As I was reading this book I couldn’t help but create a checklist of the things that make up seriously good crime fiction for me, and apply it as I went.
A sense of place that puts you right on the spot, without turning into a travelogue. Something that gives you a sense of the smell, the look, the way that people move around and interact with their location. THE OLD SCHOOL is set in Bankstown, a suburb of Sydney almost tailor-made for the action that is taking place – multitudes of cultures living up close and personal, dodgy dealings in all walks of life, overcrowded streets, haves and have nots, development and profound poverty, traffic and dust. Aboriginal activists are still fighting for land rights and against deaths in custody. The Prime Minister’s famous Redfern Speech gets a mention. There is such a strong sense of the place, and the timeframe in this book, that I’d swear you can smell the kebabs she describes.
A solid plot, a believable set of circumstances in which people find themselves pushed to the limit, achieving great things, dealing with other people, solving problems. The events of the book – the discovery of two skeletons in the concrete foundations of a building being demolished and the death of an old homeless Aboriginal man are interwoven with the professional and personal life of Nhu ‘Ned” Kelly. Ned is a young, mixed race woman, working her way towards promotion / change within the NSW police, at a time that ICAC (the Independent Commission Against Corruption) investigations are carefully dismantling the careers of many around her. It’s a nice touch to weave the reality of the ICAC investigations, and mentions of some of its more notorious participants into the daily working life of Ned – adding not just a sense of realism, but giving readers a timeframe without having to stress dates. Perhaps there are a few elements in the plot that rely a little too much on co-incidence but frankly the way that THE OLD SCHOOL lays that out – well coincidences do happen.
Good characters, including some growth, a bit of backstory, a realistic feeling of people who aren’t perfect, who make mistakes, who do good, and bad things. What glues the elements of this book together are the characters that Newton has built. Ned, her mentor and boss TC, her sister Linh and aunt MM, along with various other police and members of the Aboriginal community. Whilst it’s undoubtedly Ned’s story, all the other players get their moments, and provide a great supporting role. Newton also draws a very sensitive portrayal of being the child of a Vietnam vet in Australia, whilst slowly revealing the truth behind the death of Ned’s parents, many years ago.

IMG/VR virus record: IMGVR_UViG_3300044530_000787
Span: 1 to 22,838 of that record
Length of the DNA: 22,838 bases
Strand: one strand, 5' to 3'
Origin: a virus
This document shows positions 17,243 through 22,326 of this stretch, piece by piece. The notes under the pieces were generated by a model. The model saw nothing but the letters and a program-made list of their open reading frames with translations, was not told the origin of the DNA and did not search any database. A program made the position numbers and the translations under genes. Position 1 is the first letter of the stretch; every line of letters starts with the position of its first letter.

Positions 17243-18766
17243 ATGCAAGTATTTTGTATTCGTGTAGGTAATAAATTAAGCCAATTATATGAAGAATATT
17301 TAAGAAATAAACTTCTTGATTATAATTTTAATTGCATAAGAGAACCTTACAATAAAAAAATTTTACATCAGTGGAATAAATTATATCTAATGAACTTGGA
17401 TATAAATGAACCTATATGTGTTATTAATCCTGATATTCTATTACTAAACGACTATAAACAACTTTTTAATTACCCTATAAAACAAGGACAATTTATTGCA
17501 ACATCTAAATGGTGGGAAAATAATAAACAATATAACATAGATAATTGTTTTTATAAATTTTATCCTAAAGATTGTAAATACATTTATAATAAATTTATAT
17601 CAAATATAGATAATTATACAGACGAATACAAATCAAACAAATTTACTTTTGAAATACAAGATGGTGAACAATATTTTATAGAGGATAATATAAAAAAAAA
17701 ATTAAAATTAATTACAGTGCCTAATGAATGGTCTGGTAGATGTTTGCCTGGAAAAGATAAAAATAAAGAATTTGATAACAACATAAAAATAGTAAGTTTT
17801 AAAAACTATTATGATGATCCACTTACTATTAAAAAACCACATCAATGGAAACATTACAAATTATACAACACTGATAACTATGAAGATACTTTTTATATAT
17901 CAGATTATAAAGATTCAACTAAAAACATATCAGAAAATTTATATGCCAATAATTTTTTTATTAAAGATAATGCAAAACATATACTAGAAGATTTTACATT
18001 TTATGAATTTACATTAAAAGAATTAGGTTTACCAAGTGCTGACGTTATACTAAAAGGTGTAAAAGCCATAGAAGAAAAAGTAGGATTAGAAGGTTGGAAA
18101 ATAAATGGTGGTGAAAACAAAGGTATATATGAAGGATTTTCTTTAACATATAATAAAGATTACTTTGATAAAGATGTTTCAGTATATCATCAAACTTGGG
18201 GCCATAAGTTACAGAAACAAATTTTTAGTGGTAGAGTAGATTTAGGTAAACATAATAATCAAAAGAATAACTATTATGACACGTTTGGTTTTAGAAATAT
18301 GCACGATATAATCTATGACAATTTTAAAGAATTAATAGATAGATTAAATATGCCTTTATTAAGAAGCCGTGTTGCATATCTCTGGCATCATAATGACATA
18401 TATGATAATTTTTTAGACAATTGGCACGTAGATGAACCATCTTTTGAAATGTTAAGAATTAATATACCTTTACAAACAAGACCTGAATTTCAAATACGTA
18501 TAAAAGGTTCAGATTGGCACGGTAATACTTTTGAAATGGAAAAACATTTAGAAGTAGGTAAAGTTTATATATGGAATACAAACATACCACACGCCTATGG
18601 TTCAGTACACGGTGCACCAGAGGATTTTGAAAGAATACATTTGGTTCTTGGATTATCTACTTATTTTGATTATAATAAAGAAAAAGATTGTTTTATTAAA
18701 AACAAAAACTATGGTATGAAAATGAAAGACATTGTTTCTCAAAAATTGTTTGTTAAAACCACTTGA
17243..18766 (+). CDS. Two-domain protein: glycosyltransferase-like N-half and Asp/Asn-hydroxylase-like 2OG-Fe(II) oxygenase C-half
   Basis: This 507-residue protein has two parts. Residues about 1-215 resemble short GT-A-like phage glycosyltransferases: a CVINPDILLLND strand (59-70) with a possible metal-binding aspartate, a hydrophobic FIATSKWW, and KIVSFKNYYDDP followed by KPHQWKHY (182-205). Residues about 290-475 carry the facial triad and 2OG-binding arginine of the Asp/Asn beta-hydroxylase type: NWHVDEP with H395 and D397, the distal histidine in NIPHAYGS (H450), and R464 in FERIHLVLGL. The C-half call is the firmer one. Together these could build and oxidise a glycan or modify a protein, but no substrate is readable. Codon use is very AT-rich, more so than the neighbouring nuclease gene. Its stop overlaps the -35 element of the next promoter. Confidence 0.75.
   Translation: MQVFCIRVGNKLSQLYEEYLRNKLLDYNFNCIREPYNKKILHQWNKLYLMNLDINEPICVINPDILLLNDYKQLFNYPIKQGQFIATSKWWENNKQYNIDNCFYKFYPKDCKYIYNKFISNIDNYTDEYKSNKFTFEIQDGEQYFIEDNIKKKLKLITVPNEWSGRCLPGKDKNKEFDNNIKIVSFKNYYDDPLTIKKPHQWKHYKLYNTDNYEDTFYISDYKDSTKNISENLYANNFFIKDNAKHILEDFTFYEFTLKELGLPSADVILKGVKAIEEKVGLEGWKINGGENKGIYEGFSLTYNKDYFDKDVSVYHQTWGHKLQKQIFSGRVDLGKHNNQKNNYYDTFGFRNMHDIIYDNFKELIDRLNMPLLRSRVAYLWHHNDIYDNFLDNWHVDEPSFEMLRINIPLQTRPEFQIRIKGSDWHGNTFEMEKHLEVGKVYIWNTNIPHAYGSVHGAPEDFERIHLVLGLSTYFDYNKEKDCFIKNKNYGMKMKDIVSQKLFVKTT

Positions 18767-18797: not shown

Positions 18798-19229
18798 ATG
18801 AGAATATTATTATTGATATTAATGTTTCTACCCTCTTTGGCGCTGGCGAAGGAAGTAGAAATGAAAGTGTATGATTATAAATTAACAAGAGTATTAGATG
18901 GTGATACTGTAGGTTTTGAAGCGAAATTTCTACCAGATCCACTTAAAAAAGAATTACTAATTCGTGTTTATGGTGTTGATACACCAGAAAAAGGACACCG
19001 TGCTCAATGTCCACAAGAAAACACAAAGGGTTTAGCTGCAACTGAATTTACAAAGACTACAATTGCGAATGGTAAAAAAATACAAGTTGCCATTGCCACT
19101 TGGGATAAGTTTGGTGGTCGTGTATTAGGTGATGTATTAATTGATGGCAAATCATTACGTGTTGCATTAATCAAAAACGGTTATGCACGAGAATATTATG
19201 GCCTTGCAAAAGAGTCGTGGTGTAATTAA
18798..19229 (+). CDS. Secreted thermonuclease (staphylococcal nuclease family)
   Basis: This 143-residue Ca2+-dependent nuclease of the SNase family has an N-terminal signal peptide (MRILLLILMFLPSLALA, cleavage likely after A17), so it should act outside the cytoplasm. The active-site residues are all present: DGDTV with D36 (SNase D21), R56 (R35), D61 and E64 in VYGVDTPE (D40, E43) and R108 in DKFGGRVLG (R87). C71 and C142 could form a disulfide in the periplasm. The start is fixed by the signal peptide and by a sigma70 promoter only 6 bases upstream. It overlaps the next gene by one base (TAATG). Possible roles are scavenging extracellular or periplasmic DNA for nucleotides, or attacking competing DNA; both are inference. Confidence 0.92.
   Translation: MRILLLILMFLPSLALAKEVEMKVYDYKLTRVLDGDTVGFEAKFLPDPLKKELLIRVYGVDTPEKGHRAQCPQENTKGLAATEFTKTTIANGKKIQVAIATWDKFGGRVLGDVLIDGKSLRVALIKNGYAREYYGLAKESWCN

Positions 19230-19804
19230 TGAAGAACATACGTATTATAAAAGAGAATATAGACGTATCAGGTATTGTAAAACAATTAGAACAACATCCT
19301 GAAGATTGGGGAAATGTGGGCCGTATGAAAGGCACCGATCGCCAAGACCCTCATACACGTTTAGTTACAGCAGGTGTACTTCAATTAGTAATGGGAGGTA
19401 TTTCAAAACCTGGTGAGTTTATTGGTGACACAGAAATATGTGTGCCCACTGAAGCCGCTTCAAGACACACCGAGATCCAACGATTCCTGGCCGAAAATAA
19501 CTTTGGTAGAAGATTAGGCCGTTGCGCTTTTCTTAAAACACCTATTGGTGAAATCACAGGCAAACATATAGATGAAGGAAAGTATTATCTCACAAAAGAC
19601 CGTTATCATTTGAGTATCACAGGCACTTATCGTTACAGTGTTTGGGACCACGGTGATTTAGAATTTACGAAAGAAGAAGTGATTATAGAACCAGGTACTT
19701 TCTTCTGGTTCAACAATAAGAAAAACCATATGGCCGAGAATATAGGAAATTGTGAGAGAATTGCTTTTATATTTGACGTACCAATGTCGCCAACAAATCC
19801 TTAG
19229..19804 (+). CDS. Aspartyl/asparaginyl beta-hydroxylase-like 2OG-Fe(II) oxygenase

Social observation – exploring real things from real life that aren’t right. THE OLD SCHOOL does touch on a lot of issues – police and official corruption, organised crime, Aboriginal activism and land rights, fallout from the Vietnam war. It uses all of these elements as aspects of the plot – there’s never any sense of lecturing or pushing a barrow. Rather each element is revealed as part of the ongoing investigation, the lives of the characters, as aspects of the revelations leading to a solution.
Finally realism. Not to the point of user manual accurate – but a real feeling that there are elements of the story, the setting, the events that are being presented that have a believability about them (not that I actually care if they are or aren’t 100% realistic or accurate – I just want to feel like the author knows what they are talking about). THE OLD SCHOOL does this in spades.
According to the blurb on THE OLD SCHOOL, Newton worked in the NSW police force for thirteen years, and this is her first novel. If this is a debut – bring on a whole lot more of the series please.